As I share what I did, I made sure to note alternative media and methods. I am a big fan of Nasco, so I have links to their products should you need some materials for this. I am not earning any "kickbacks," and always recommend you call ahead of ordering and ask for free shipping and a 20% off discount code when ordering. Many of the alternate materials can be obtained for free anyway. In my example, I used polyester stuffing, but if you would like to incorporate more recycling, I could have swapped that out for plastic shopping bags. (I just didn't have enough for a whole class)
Wrapping and recycling are methods and techniques used by quite a few artists including Christo & Jeanne-Claude's early work, sculptures by Judith Scott, and contemporary artist Jean Draper.
- Research an animal that best emulates their personality
- Recycling and its importance
- Artists Christo & Jeanne-Claude, Judith Scott, and, Jean Draper
- Vocabulary: Armature, Bind, Emulate, Recycle
Visual Arts National Anchor Standards
#1: Generate and conceptualize artistic ideas and work.
#2. Organize and develop artistic ideas and work.
#3. Refine and complete artistic work.
#6. Convey meaning through the presentation of artistic work.
#8. Interpret intent and meaning in artistic work.
#10. Synthesize and relate knowledge and personal experiences to make art.
#11. Relate artistic ideas and works with societal, cultural and historical context to deepen understanding.
It is important that each work be unique to its maker, so students should start by making a list of 5 action words (adjectives) they feel describe themselves. Then looking at that list, decide what animal has all or some of those attributes. This ensures individualized outcomes.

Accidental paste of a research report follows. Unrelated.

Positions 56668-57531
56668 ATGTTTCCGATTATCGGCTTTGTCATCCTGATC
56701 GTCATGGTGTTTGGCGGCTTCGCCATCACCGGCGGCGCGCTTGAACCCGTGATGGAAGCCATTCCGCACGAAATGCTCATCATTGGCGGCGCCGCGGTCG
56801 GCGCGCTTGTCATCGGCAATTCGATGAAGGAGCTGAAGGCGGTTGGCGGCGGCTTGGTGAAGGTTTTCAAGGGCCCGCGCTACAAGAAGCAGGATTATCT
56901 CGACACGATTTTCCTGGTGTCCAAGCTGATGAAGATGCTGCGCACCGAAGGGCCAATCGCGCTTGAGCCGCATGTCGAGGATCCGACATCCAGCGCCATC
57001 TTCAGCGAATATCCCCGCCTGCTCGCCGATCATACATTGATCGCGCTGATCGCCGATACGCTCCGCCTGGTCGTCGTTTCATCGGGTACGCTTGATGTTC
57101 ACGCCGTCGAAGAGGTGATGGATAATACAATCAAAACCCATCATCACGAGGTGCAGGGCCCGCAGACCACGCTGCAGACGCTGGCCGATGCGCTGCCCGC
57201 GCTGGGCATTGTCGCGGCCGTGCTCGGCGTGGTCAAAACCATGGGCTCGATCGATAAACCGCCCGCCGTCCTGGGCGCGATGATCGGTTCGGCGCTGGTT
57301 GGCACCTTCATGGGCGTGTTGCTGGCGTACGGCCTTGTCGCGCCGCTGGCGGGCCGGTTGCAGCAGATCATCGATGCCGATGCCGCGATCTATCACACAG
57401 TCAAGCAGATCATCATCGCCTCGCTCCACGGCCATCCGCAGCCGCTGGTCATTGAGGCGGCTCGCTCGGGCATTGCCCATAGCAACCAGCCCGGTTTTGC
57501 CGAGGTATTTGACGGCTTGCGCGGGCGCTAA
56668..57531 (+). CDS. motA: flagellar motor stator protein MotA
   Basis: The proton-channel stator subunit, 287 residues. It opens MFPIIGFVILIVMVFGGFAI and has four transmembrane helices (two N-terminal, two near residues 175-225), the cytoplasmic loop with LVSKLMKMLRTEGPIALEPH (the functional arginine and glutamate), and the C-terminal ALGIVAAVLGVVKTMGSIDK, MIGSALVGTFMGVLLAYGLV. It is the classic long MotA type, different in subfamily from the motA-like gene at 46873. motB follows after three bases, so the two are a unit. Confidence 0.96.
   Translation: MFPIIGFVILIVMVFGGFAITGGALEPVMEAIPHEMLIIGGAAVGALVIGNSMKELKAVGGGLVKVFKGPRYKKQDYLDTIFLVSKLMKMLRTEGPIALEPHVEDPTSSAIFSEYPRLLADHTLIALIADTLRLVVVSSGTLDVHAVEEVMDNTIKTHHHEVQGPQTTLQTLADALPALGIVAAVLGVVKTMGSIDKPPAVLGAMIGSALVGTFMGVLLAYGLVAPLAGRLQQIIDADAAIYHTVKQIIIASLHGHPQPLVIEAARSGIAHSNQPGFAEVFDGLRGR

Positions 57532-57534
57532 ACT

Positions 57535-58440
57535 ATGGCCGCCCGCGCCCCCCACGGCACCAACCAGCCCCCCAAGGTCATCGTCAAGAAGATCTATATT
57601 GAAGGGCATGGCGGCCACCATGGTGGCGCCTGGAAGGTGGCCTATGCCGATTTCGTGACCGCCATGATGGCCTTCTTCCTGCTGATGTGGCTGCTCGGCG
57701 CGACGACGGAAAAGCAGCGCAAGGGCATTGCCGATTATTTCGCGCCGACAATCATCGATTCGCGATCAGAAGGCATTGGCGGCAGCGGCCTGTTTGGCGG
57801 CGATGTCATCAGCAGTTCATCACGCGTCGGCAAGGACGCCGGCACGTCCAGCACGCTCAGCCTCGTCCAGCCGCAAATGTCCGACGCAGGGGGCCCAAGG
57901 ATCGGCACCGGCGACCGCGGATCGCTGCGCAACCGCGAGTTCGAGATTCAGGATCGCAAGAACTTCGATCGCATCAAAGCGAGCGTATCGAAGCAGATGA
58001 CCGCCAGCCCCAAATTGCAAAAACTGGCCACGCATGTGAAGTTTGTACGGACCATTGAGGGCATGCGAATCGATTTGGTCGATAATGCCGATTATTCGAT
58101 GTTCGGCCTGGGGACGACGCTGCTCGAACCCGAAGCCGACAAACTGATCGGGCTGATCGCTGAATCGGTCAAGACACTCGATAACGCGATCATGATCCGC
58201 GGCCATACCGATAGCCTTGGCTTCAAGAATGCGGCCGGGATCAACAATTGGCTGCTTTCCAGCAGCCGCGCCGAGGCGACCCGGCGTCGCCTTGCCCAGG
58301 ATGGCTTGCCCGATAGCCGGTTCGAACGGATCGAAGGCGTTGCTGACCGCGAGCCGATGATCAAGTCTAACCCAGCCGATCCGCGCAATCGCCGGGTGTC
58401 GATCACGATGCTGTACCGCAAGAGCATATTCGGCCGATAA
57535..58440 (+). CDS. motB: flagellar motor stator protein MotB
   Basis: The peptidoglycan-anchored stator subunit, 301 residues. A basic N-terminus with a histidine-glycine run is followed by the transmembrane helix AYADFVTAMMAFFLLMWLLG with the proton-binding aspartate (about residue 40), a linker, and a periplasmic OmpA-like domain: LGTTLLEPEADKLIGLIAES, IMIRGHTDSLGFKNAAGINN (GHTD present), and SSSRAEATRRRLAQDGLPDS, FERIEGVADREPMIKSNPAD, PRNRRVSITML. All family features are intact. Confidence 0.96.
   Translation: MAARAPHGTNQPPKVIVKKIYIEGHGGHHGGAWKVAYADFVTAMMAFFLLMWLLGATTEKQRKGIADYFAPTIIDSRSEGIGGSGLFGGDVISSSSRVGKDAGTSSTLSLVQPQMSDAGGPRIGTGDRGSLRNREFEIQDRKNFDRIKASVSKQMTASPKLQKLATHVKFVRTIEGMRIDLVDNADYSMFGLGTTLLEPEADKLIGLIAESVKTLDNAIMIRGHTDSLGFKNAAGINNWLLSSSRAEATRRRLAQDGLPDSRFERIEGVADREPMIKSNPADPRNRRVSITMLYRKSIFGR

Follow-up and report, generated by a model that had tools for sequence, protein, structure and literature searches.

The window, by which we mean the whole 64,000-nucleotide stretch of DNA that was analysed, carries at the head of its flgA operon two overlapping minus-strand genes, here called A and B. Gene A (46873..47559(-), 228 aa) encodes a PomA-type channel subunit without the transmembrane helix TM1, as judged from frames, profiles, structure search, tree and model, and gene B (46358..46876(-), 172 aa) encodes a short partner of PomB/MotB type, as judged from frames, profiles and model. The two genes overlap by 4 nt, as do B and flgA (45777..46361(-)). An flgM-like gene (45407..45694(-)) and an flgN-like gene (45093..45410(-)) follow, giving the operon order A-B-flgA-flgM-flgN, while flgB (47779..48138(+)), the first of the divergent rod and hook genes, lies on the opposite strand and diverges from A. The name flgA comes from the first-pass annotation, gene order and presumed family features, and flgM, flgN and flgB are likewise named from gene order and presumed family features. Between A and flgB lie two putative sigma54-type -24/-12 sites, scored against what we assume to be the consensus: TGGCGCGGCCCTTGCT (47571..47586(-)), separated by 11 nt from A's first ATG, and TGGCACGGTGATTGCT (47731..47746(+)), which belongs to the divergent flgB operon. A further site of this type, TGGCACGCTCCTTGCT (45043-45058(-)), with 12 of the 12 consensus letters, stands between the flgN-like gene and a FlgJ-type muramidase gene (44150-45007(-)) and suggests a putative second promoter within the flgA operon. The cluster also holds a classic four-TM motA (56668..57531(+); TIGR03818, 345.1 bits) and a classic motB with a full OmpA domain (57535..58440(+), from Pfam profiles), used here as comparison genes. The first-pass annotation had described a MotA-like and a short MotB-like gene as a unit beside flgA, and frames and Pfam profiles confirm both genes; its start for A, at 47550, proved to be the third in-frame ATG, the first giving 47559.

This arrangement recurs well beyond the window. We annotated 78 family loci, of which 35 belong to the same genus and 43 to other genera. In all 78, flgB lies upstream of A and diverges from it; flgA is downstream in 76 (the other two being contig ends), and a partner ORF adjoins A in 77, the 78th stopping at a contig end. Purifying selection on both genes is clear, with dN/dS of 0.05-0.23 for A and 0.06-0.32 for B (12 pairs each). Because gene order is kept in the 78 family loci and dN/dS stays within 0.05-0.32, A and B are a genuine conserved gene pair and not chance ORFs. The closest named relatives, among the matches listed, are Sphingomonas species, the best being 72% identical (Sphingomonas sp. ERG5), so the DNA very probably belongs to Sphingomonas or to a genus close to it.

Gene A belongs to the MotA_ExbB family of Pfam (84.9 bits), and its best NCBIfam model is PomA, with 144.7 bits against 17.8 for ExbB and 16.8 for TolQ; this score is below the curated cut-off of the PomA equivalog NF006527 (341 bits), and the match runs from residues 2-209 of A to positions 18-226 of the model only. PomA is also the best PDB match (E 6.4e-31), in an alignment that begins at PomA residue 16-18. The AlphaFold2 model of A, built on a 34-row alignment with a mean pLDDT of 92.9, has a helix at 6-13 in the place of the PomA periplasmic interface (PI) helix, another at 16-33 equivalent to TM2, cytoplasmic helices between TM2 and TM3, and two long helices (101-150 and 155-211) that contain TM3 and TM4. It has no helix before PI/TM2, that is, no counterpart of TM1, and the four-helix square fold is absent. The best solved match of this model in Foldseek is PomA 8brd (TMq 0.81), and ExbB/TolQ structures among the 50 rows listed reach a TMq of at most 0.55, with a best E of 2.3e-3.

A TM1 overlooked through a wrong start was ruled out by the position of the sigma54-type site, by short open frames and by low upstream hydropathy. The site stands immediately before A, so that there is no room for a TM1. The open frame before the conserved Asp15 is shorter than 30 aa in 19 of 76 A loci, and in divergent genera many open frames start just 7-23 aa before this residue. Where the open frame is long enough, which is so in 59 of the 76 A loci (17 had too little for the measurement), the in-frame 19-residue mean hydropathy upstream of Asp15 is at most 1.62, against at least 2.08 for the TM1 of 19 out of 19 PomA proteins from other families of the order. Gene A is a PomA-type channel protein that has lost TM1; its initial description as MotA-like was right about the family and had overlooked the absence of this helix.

Students then do a simple sketch of that animal showing legs, tail, ears. The instructor should do a large sketch as well.
(If you have made an example, this is the time you can show it. Do not show it before students have chosen animals or many may copy it.)
Explain that the animal needs a skeleton, but in sculpture we call it an armature. The best armature is one that is made from a single wire without any breaks. It is helpful to have students draw a single line armature ON their sketches so they can get an idea of how it might look. Let students know that the wire allows the animal to be posed.
When armatures are complete, tape corners and connections so they don't move. Then add bundles of polyester fill (or plastic grocery bags) to the fatter areas of the bodies like the head or belly. Thinner body parts don't need filler.
Polyester Stuffing (or recycled Shopping Bags)
Aluminum Armature Wire (or wire clothes hangers)
Fabric Squares (or old clothing cut into strips)
and/or Binding Fabric (cut into aprox. 4" x 48" strips)
Yarn, or Yarn, or Yarn
Eye protection (or borrow from science lab in school)